Break time. Yes! MT does a little yoga to keep her vessel limber.
Second-act rehearsal revs up. Lead guy has bowed out. He lost his voice. Understudy to the rescue. His Devil is 6 inches shorter and 20 pounds heavier, but at least his voice is in working order. MT can live with that. More songs. More production notes, including one where the music director chastises MT for snoring against the beat. Oops!
After a couple of hours off, MT is back in the dressing room. Dew Drop Mason, the assistant head of wardrobe, is distributing the costumes to actors’ dressing rooms. MT grabs hers. It’s a lavender-pink cotton shroud with a pale green face mask, and little polka dot booties. "Shoot the costume designer," MT thinks— for wardrobe malpractice. On it goes.
She dabs on pale beige makeup and thin red lines to simulate trickles of blood. Rufus, the makeup man, dabs a touch of gray powder to complete the nearly-a-corpse look. “Honey,” says Rufus, admiring his macabre handiwork, "break a leg."
"Gong" goes the five-minute bell.
Actors warm up. Each one has a routine. Lead understudy is doing low-throated "eeeeee's" and "oooooo's." MT is deep into her three-part breathing.
Break a leg.
The band starts. The musical entourage for this production includes one oboe, one piano and five clarinets.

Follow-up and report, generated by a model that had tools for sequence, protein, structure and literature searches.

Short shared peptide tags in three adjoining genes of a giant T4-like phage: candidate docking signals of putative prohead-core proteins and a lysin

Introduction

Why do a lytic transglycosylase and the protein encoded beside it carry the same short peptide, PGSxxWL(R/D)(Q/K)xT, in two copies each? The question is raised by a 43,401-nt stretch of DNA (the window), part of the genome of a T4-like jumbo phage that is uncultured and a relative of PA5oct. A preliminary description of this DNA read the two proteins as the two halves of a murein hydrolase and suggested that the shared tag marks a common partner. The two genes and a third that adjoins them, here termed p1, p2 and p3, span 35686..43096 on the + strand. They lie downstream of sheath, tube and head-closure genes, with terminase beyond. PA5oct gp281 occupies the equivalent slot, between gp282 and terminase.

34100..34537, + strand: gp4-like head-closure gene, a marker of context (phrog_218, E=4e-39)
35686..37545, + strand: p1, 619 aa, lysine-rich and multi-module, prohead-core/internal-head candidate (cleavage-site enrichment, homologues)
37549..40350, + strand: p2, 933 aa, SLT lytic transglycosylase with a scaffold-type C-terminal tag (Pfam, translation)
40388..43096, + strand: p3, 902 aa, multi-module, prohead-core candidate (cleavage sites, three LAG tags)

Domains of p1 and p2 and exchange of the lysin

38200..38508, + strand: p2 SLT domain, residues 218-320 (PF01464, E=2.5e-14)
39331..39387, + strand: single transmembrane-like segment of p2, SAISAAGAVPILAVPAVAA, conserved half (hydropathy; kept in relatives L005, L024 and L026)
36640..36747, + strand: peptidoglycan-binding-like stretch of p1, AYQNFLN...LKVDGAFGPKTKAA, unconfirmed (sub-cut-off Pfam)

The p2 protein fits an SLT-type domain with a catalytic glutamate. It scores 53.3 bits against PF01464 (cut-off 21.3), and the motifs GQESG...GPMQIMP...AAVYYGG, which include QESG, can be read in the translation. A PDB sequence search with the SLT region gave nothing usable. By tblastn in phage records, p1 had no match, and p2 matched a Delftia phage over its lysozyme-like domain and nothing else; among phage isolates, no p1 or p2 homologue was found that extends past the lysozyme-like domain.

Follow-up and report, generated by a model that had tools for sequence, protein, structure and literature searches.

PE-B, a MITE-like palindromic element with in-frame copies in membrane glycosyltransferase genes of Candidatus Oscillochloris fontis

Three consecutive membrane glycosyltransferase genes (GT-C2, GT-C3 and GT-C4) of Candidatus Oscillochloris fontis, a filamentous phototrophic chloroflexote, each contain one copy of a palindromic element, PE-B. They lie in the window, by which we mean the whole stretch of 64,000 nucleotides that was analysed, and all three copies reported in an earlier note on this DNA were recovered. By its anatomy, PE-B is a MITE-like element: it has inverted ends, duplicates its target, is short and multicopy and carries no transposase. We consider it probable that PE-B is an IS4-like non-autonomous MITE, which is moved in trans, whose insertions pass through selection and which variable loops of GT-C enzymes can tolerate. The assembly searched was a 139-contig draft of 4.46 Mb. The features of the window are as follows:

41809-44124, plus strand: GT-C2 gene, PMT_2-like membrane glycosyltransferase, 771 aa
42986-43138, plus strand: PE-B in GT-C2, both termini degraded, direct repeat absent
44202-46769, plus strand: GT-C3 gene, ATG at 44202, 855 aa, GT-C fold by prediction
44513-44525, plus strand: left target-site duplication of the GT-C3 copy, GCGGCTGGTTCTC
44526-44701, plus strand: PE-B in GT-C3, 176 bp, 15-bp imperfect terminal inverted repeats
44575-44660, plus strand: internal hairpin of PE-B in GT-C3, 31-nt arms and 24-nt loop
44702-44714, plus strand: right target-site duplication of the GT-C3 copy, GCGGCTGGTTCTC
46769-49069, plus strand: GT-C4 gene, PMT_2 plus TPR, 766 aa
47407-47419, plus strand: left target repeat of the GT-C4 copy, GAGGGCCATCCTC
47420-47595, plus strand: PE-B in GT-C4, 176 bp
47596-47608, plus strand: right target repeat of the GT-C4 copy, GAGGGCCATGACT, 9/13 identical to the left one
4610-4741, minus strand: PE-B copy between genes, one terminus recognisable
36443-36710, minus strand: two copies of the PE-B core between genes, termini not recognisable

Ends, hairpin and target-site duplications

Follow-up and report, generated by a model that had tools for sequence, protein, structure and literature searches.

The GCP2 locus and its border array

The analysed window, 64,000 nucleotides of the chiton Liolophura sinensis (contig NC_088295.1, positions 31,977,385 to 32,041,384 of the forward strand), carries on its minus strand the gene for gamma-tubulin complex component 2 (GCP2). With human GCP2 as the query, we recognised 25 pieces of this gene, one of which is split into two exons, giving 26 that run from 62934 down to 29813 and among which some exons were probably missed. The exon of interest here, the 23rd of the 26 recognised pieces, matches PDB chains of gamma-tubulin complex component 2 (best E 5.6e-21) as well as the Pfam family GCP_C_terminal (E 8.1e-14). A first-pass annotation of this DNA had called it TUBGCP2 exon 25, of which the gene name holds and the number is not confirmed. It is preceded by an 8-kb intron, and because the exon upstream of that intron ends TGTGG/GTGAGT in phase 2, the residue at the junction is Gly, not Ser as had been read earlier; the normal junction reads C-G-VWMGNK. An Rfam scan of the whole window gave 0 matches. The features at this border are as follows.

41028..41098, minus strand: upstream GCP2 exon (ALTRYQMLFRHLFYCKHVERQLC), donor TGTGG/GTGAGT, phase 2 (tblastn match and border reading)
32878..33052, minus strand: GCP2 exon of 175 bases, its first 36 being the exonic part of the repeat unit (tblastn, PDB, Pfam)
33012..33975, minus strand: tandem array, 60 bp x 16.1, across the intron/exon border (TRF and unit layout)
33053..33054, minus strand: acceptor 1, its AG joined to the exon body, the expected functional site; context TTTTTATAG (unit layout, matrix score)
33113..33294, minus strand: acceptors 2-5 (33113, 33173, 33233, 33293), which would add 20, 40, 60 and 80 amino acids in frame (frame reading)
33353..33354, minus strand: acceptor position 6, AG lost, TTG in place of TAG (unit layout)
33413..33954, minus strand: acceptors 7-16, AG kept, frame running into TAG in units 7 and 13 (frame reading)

The curtain rises, and the performance begins. MT lies supine on the bed. The choristers, nine actors dressed in doctors’ scrubs, prance to the melancholy notes of the oboe, high kicks matching the low woodwind notes. MT says to herself: "And for this I went to four years of conservatory?"
Curtain closes. Let the intermission begin. MT goes backstage, collapses.
Curtain up. Performance resumes. MT is back to her bed. The performers swirl around her. The conga line is her favorite: The "nurses" frog-march to a two-four beat to a clarinet counterpoint.
"Cool," MT thinks, judging from what little she could see from the nether regions of stage right.
Show ends. MT notices that the audience applause is anemic, at best.
MT cabs it home ("Okay, okay, tomorrow I’ll take the subway," she tells herself). MT rolls into bed, and in a nanosecond falls into R.E.M. sleep, snoring—but, this time, to a beat.